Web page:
"The Director is hereby authorized and empowered, subject to the consent and approval of the Governor, to convey, lease or demise to any responsible individual, organization, association or corporation for such consideration and on such terms as the Board may prescribe, by proper deed or other appropriate instrument signed and executed by the Director, in the name of the Commonwealth, any lands or other properties held for general recreational or other public purposes by the Commonwealth, for the Department, or over which it has supervision and control, or any part or parts thereof or right or interest therein or privilege with respect thereto. The Governor is also hereby authorized and empowered to direct the discontinuance of the operation of any or all State parks when in his judgment the public interest so requires.
"Any such conveyance, lease or grant herein authorized shall be subject to such further provisions, conditions, restrictions and reservations as may be approved by the Governor and prescribed by the Director."

The 1952 General Assembly of Virginia, in enacting the amendment as aforesaid, deleted the words "or group of individuals" and inserted the words "individual" and "association or corporation". It will be observed that the existing statute, prior to 1952, restricted the right of the Director to leasing only such property as was "not needed" by the Department of the State for general recreational or other public purposes, and further contained a limitation of 25 acres in any one park or recreational area which could be leased. The General Assembly in 1952 eliminated the words "not needed" and removed the restriction as to acreage. It further added a provision that the Governor of Virginia was authorized and empowered to direct the discontinuance of any or all state parks when in the Governor's judgment the public interest so required. The final paragraph of the amended statute, as well as the first paragraph, gave the authority to the Director to "convey" as well as to lease or demise. While the intent and purpose of the General Assembly is not revealed by the wording of the statute, it leaves this Court to believe that the true purpose of the 1952 amendment was to enable the Director to meet the ever increasing race problem.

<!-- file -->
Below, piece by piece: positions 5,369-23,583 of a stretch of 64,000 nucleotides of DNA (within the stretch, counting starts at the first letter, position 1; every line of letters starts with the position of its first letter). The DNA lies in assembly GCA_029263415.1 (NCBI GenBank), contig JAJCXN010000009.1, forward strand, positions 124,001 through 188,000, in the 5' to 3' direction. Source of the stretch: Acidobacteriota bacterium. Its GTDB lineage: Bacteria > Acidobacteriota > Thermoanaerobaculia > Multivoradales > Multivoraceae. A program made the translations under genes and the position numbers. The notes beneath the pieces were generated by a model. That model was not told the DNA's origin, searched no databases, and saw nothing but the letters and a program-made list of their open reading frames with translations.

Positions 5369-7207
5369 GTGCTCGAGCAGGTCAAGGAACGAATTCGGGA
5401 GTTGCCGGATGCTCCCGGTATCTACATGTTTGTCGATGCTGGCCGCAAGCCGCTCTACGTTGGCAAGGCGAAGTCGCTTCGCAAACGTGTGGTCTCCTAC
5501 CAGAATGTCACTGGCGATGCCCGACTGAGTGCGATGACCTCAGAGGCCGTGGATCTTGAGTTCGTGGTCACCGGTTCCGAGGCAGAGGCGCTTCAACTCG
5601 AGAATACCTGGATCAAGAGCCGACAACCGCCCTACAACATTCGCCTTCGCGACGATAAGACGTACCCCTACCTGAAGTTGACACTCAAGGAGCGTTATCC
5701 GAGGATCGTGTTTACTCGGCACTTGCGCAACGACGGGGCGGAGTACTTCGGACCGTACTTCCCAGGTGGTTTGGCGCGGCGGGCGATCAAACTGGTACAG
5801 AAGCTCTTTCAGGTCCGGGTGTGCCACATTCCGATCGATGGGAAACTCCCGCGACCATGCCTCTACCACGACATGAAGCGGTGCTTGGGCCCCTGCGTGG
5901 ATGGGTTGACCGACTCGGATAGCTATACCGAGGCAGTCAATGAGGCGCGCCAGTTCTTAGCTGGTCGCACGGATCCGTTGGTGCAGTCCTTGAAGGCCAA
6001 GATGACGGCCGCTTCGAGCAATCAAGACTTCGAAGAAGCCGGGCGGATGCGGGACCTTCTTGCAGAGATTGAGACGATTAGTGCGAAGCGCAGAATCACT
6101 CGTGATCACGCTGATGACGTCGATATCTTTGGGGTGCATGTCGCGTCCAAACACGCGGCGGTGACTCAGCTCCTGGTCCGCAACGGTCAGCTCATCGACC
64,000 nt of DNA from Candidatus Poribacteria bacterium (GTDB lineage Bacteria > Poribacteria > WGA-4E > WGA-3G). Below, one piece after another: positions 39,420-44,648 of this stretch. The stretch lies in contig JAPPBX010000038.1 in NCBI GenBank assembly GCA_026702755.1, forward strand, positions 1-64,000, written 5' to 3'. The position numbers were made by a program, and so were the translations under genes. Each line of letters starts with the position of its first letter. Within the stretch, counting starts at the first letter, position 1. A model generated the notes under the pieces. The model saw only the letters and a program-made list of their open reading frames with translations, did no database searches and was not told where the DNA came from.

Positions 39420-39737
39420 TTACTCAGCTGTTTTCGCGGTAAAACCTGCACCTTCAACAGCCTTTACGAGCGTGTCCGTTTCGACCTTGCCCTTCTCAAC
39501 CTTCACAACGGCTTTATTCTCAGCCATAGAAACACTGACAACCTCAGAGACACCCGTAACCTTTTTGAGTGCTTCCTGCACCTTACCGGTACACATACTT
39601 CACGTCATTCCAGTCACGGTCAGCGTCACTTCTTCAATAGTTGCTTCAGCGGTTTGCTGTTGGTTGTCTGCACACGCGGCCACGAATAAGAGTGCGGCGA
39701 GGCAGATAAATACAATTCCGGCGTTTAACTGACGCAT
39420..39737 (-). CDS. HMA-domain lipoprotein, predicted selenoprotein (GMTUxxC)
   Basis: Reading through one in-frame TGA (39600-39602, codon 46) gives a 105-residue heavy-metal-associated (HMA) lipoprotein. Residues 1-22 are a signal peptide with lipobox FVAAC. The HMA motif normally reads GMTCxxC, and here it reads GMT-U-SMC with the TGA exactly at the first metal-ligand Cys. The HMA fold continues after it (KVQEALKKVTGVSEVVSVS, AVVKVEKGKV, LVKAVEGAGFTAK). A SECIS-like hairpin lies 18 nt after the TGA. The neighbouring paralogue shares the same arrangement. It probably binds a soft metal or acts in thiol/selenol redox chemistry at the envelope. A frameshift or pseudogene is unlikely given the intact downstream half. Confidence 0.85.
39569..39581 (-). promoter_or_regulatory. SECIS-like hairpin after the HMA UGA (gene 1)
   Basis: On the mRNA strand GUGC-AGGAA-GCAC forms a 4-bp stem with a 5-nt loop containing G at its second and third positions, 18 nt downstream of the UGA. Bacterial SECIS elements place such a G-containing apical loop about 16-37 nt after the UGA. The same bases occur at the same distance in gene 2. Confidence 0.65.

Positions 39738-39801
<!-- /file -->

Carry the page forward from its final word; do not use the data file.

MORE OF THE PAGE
The applicable law of this case is not seriously contested. While the "separate but equal" doctrine was abolished by the United States Supreme Court in the recent schools segregation cases, Brown v. Board of Education, of *58 Topeka, 349 U.S. 294, 75 S. Ct. 753, this is of no moment as "separate but equal" facilities have not existed at any of the state parks in Virginia. It could not be successfully argued that the establishment of a state park for Negroes in Prince Edward County (approximately 100 miles from Seashore State Park) meets the "separate but equal" test. Furthermore, the "separate but equal" doctrine as applied to the enjoyment of public beaches and bathhouses maintained by public authorities was abolished by this Circuit in Dawson v. Mayor and City Council of Baltimore City, 4 Cir., 220 F.2d 386. It follows that state parks, even where "separate but equal" facilities exist, are governed by the same general principles. The recent decisions merely show the inevitable trend to be followed by any District Judge obligated by the oath of his office to uphold the Constitution and laws of the United States. Such an oath is paramount to the aims, desires and criticisms of any individuals, regardless of race.